Travelocity accidentally books 1,458 trips between US and Cuba
'Technical glitches' keep communism alive
From January 1998 to April 2004, Travelocity booked nearly 1,500 trips between the US and Cuba, violating a trade embargo first laid down by the American government at the height of the Cold War.
The online travel site has agreed to pay a $182,750 fine to the US Treasury, but communism is still alive in the Western Hemisphere.
Last week, with a statement posted to its website, the Treasury Department's Office of Foreign Assets Control (OFAC) announced that the Forth Worth, Texas company had agreed to settle "allegations" that it violated the 25 year-old Cuban Assets Control Regulations, making 1,458 Cuba-related travel arrangements without an official license. When contacted, a Travelocity spokesman acknowledged the violations, but blamed them on a technical malfunction - a technical malfunction that went unnoticed for six years.
"The trips to Cuba were unintentionally permitted to be booked by consumers online because of some technical failures several years ago and it's just now being finally settled with OFAC," she said. "Again, this is a very old matter - most of the trips were purchased between six and seven years ago. In no way did the company intend to allow bookings for trips to Cuba and the company has fully cooperated with OFAC and implemented corrective measures."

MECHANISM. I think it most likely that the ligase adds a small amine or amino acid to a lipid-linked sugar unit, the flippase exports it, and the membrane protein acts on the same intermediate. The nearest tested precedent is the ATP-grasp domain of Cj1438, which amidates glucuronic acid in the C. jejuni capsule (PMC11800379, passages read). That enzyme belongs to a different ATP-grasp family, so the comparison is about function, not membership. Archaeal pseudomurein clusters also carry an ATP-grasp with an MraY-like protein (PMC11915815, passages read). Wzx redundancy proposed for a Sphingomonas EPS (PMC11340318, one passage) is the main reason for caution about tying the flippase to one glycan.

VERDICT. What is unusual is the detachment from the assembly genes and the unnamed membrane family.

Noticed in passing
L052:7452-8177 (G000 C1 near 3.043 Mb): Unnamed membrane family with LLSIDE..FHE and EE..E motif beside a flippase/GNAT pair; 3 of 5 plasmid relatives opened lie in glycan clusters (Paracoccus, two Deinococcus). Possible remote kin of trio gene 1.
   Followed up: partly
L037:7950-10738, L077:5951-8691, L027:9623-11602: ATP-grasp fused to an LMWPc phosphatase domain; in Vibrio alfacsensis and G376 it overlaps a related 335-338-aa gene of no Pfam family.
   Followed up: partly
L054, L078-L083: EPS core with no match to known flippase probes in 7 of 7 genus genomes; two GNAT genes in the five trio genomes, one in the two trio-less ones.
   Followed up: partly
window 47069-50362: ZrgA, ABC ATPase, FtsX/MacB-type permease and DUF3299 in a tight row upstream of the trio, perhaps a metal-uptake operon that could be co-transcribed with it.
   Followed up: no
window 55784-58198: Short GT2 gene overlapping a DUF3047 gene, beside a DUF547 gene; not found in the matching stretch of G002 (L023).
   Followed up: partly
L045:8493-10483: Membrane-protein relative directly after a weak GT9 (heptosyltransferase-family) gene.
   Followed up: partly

When pressed, the company refused to explain these technical failures. We have no way of knowing if the site was compromised by party members posing as capitalistic Travelocity employees.
We also contacted the OFAC, but it wasn't any help either. Spokesman Molly Millerwise bounced all questions back to Travelocity.
But she did say that those who have violated the Cuban trade embargo may face civil or criminal charges. And according the OFAC's original statement, Travelocity didn't voluntarily disclose its violation.
Is the Cold War back on? Draw your own conclusions. ®
Sponsored: Transform Your IT Infrastructure